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Thursday, Sept. 18, 2014

Orem boy found safe after being missing for 21 hours

By Pat Reavy, Deseret News

Published: Wed, Aug. 20 1:30 p.m. MDT

 Orem police are looking for 14-year-old David Vasquez, who has autism.

Orem police are looking for 14-year-old David Vasquez, who has autism.

(Orem Police Department)

OREM — A 14-year-old boy diagnosed with autism spectrum disorder was found safe Wednesday after he had been missing for 21 hours.

Orem police reported just after 5 p.m. that David Vasquez had been found. He was last seen about 8 p.m. Tuesday near 1100 South and 200 East in Orem.

After being reunited with his family, David told police and his family he had been walking much of the time he was missing, eventually ending up in Provo.

Orem Police Lt. Craig Martinez said David was dropped off at an LDS Church meetinghouse at that address for a church function. But he called his mother a short time later from the church saying no one was there and asked if she could come get him, Martinez said. The mother, however, didn't get the message for an hour. By the time she got to the church, David was gone, Martinez said.

David is considered a high-functioning autistic boy, Martinez said. Because the church is more than a dozen blocks away from his home, investigators were concerned he became lost while trying to walk home.

In fact, David had befriended another boy in the area, and together they had started walking, family members said. They ended up at the other boy's house, spending the night in the garage before heading to a mall in Provo on Wednesday morning where they snacked on free samples.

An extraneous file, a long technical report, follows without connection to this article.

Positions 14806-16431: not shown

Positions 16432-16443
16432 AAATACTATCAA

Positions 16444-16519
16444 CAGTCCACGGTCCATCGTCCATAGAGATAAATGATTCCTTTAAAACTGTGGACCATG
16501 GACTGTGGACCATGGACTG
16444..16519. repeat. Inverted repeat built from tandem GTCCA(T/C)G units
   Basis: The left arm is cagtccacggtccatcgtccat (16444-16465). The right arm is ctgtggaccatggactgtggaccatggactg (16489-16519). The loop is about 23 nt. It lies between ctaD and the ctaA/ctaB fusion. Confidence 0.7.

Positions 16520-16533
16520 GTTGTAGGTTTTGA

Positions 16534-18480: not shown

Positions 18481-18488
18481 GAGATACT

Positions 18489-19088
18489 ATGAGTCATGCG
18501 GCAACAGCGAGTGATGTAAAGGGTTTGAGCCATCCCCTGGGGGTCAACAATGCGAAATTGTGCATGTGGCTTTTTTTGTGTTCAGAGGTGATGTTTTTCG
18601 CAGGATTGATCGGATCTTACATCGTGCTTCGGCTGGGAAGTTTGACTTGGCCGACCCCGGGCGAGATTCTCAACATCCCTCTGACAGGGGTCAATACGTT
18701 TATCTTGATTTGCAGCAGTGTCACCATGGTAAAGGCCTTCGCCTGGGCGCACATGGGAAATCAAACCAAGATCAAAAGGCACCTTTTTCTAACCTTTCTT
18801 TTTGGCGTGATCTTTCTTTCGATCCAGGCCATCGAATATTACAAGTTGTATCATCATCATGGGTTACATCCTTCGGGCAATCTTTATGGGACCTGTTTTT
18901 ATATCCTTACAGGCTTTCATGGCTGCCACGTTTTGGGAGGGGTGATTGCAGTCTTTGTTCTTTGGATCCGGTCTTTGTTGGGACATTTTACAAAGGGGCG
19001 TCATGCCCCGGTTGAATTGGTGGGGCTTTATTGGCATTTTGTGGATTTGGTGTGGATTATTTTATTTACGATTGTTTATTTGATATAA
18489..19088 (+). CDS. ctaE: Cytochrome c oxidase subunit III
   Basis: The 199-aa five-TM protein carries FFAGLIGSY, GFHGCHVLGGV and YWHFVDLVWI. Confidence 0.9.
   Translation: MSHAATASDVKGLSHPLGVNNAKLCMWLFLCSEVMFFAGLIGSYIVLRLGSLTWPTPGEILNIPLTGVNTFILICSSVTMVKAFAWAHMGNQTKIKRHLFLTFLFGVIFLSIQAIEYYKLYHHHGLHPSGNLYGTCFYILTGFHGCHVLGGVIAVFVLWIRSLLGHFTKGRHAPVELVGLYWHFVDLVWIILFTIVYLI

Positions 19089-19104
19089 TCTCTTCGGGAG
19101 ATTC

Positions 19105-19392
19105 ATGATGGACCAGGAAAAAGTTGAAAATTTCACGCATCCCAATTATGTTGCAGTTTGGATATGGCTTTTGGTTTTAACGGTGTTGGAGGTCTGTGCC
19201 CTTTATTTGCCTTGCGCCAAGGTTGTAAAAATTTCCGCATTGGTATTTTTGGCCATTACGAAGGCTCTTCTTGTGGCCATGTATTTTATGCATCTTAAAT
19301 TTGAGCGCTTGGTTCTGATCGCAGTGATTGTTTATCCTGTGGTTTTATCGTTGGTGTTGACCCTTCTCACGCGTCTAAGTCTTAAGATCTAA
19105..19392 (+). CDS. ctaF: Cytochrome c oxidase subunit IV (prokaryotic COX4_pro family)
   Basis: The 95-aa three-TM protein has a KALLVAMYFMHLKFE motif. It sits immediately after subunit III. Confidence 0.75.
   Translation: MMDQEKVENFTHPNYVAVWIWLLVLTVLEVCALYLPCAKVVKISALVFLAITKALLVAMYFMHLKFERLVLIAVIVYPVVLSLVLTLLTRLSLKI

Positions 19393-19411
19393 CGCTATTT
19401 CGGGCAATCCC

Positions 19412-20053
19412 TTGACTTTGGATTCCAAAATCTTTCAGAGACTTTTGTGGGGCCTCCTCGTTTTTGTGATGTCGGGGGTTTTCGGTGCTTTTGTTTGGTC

"We just stuck together, side by side," David said Wednesday. "I was trying to find the best way home."

While looking at headphones at the mall, a member of David's church spotted him and contacted police.

David recalled feeling frightened as he walked through unfamiliar "sketchy" areas of town and as a thunderstorm pounded overhead while he slept in the garage. All that went away when he saw his mother, however.

"I was so relieved. I was so excited," he said, turning and hugging his mother. "I love you, Mom."

Adrianna Vasquez wept as she returned the embrace.

"I love you too, son. I'm so grateful that you're back," she said.

For David, the experience was a small adventure. For his mother, who missed her son's call while she was bathing, the night was terrifying.

"I thought I was never going to find him. I'm so lucky," Adrianna Vasquez said. "We had all of our church members searching for him all over, and the police did such a great job trying to find him. … I'm so grateful we got him back."

David has gone missing in his neighborhood before but has always been found quickly nearby, she said.

Police face specific challenges when autistic children go missing, Martinez said. They may not understand they're missing, offer their name if asked or want to be found.

"He was just hanging out with a buddy. He could have done this for days," Martinez said.

The other boy was not reported missing, Martinez said. Family members of the other boy believed David was a classmate who had come to spend the night, and when the two left in the morning, they believed the boys were heading to school.

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